Common mistakes to avoid when buying summer tires
Your tires are old, cracked or you're losing grip in the corners, it's time to replace them with better performing tires.
There are a multitude of factors to consider when buying new tires, and all are important. We think some people miss out on some of them and end up regretting their purchase in one way or another.
Fortunately, the experts at PMCtire are here to help you make the right choice. Check out our tire shopping section to find the best tires for your vehicle at the best prices.
Determine exactly what you need
We suggest you start with the basics. Tires have different quality factors that fluctuate to meet specific needs. Some tires can go faster than others. Some can carry more weight than others. It's important to know the specific needs of your car and your driving habits so you can narrow down your options and match them to what you need to buy.
Knowing exactly what you want from your tires will help you throughout your buying experience.
Here are some common mistakes people tend to make when buying summer tires:
1. Failing to consider the appropriate tire size: One of the most common mistakes people make when buying summer tires is not checking the recommended tire size for their vehicle. Using the wrong tire size can affect your vehicle's handling, fuel efficiency, and safety.
2. Choosing the wrong type of summer tire: There are different types of summer tires, and each one is designed for a specific purpose. Some are meant for performance driving, while others are geared toward comfort or fuel efficiency. Make sure to choose a tire that suits your driving style and needs.
3. Not considering the climate and driving conditions: Summer tires are designed to perform best in warm and dry conditions. If you live in an area with frequent rain or you plan to drive on wet roads, you might want to consider a tire with good wet traction. Additionally, if you plan to drive on rough roads or off-road, you might want to look for a tire with a tougher tread.
4. Don't buy tires that don't have a high enough load rating.
The tire load index rating is a numerical code that indicates the maximum load-carrying capacity of a tire. It's usually shown on the sidewall of a tire along with other specifications like the tire size and speed rating.
The load index rating ranges from 0 to 279 and corresponds to a specific weight capacity. For example, a tire with a load index rating of 95 can support a maximum load of 1,521 pounds (690 kg). The weight capacity of a tire is directly proportional to its load index rating - a higher rating means a greater load-carrying capacity.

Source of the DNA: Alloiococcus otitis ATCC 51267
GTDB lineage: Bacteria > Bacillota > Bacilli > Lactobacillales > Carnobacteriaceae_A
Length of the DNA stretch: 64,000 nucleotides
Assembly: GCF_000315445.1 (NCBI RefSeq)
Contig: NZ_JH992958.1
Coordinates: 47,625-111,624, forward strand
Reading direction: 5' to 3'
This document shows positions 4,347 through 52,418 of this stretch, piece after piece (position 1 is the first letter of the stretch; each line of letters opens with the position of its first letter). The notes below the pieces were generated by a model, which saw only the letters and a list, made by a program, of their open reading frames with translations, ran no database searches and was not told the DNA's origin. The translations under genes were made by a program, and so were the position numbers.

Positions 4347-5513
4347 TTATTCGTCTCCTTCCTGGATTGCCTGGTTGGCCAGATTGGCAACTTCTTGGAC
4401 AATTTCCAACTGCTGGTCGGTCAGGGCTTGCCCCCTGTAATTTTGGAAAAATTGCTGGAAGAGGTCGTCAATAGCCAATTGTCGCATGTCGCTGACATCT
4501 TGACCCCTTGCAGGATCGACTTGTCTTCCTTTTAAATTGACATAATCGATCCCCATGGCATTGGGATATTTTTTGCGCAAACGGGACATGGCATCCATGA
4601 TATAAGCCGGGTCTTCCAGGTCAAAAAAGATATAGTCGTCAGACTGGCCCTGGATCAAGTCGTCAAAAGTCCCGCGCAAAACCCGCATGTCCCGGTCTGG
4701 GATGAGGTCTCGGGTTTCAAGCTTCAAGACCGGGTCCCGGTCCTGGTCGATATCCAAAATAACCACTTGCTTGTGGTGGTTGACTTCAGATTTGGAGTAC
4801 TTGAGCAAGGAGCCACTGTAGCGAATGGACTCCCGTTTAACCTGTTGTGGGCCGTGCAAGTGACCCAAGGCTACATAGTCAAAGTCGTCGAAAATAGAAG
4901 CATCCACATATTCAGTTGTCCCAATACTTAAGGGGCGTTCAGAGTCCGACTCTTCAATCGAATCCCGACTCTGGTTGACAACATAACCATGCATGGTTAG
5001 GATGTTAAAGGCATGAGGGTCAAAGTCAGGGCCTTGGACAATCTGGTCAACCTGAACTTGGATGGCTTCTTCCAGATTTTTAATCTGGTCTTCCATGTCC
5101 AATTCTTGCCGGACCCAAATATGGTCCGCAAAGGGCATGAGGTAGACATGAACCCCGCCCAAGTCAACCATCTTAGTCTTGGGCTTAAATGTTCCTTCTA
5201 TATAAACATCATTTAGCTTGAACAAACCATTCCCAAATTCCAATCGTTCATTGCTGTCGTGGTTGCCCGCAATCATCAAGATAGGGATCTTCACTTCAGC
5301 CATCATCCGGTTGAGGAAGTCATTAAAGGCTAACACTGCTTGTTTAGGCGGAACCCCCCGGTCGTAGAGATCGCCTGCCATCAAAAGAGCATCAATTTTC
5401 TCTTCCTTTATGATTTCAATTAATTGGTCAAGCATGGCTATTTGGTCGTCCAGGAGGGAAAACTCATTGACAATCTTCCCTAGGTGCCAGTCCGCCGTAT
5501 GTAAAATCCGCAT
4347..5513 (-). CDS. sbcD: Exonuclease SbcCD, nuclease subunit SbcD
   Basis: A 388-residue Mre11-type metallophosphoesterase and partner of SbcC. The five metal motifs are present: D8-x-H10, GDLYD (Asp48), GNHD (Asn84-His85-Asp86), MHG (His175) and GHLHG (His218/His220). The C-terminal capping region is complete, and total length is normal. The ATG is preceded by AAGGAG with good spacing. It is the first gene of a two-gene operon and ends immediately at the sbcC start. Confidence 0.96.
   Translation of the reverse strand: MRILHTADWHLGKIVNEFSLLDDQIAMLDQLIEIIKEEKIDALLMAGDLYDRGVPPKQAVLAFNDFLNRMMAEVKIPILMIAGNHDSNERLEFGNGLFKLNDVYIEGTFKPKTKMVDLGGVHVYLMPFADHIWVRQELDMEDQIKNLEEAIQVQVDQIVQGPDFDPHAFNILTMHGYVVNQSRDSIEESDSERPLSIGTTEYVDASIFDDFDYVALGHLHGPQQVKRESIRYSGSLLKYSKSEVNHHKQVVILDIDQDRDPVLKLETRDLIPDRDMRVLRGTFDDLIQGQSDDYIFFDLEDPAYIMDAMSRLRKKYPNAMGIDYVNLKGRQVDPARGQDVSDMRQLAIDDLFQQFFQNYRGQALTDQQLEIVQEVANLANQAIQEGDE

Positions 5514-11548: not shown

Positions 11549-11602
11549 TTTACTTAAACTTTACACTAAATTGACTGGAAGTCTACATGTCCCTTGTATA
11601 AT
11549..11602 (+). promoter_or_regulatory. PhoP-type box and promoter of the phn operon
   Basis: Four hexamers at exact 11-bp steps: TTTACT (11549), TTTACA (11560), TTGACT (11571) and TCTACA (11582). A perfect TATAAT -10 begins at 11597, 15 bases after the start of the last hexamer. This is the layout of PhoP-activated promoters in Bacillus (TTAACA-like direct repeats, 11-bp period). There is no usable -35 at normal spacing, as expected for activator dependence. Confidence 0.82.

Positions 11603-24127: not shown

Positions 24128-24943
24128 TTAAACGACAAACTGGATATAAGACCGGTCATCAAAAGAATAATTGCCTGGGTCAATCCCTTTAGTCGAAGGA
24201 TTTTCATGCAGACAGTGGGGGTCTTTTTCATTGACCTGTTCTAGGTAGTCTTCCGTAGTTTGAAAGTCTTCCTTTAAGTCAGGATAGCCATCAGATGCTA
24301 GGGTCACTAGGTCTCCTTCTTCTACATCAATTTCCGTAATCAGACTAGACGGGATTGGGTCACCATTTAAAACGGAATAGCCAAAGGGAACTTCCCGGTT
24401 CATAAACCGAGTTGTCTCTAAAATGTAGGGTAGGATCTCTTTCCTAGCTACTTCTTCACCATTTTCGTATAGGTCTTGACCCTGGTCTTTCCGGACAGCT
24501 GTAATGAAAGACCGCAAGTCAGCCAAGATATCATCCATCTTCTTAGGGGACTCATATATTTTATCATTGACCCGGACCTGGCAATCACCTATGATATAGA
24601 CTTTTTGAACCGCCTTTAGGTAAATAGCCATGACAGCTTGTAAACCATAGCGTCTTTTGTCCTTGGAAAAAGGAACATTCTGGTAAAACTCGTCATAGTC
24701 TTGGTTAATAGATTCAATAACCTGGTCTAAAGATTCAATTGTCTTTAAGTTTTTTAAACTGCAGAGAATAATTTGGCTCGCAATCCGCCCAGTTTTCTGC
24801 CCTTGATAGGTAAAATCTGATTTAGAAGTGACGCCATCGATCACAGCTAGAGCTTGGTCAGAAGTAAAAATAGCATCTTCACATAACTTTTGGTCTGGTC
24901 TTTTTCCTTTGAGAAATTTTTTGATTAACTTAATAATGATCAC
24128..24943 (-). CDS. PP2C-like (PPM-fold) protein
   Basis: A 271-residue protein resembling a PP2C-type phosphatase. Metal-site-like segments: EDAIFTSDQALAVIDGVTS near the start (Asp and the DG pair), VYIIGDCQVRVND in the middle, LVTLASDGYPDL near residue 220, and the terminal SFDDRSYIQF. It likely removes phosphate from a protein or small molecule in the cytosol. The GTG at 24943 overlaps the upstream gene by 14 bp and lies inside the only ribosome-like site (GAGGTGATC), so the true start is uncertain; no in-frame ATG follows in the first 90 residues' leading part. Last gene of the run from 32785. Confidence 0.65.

When selecting tires for your vehicle, it's important to choose ones that meet or exceed the load index rating specified by the vehicle manufacturer. Exceeding the recommended load index rating can result in tire failure, while selecting a tire with a lower rating can lead to reduced performance and safety.
5. Focusing only on the price: While price is an important factor, it should not be the only factor when buying summer tires. Investing in quality tires can improve your vehicle's performance, safety, and fuel efficiency, which can save you money in the long run.
6. Not checking the tire's age: Summer tires have a lifespan of around six years, regardless of their usage. When purchasing a tire, make sure to check the manufacturing date to ensure that it is not too old. An old tire can become brittle and lose its grip, increasing the risk of an accident.
7. Ignoring the importance of proper maintenance: Proper maintenance of your summer tires can prolong their lifespan and improve their performance. Regularly check the tire pressure, rotate the tires, and have them balanced and aligned as needed.
Overall, buying summer tires requires careful consideration of your driving needs, the tire size, and the appropriate tire type. It's also essential to prioritize safety, performance, and quality over price when making a purchase.
You can count on us if you need help. If you have any questions, don't hesitate to contact a PMCtire expert.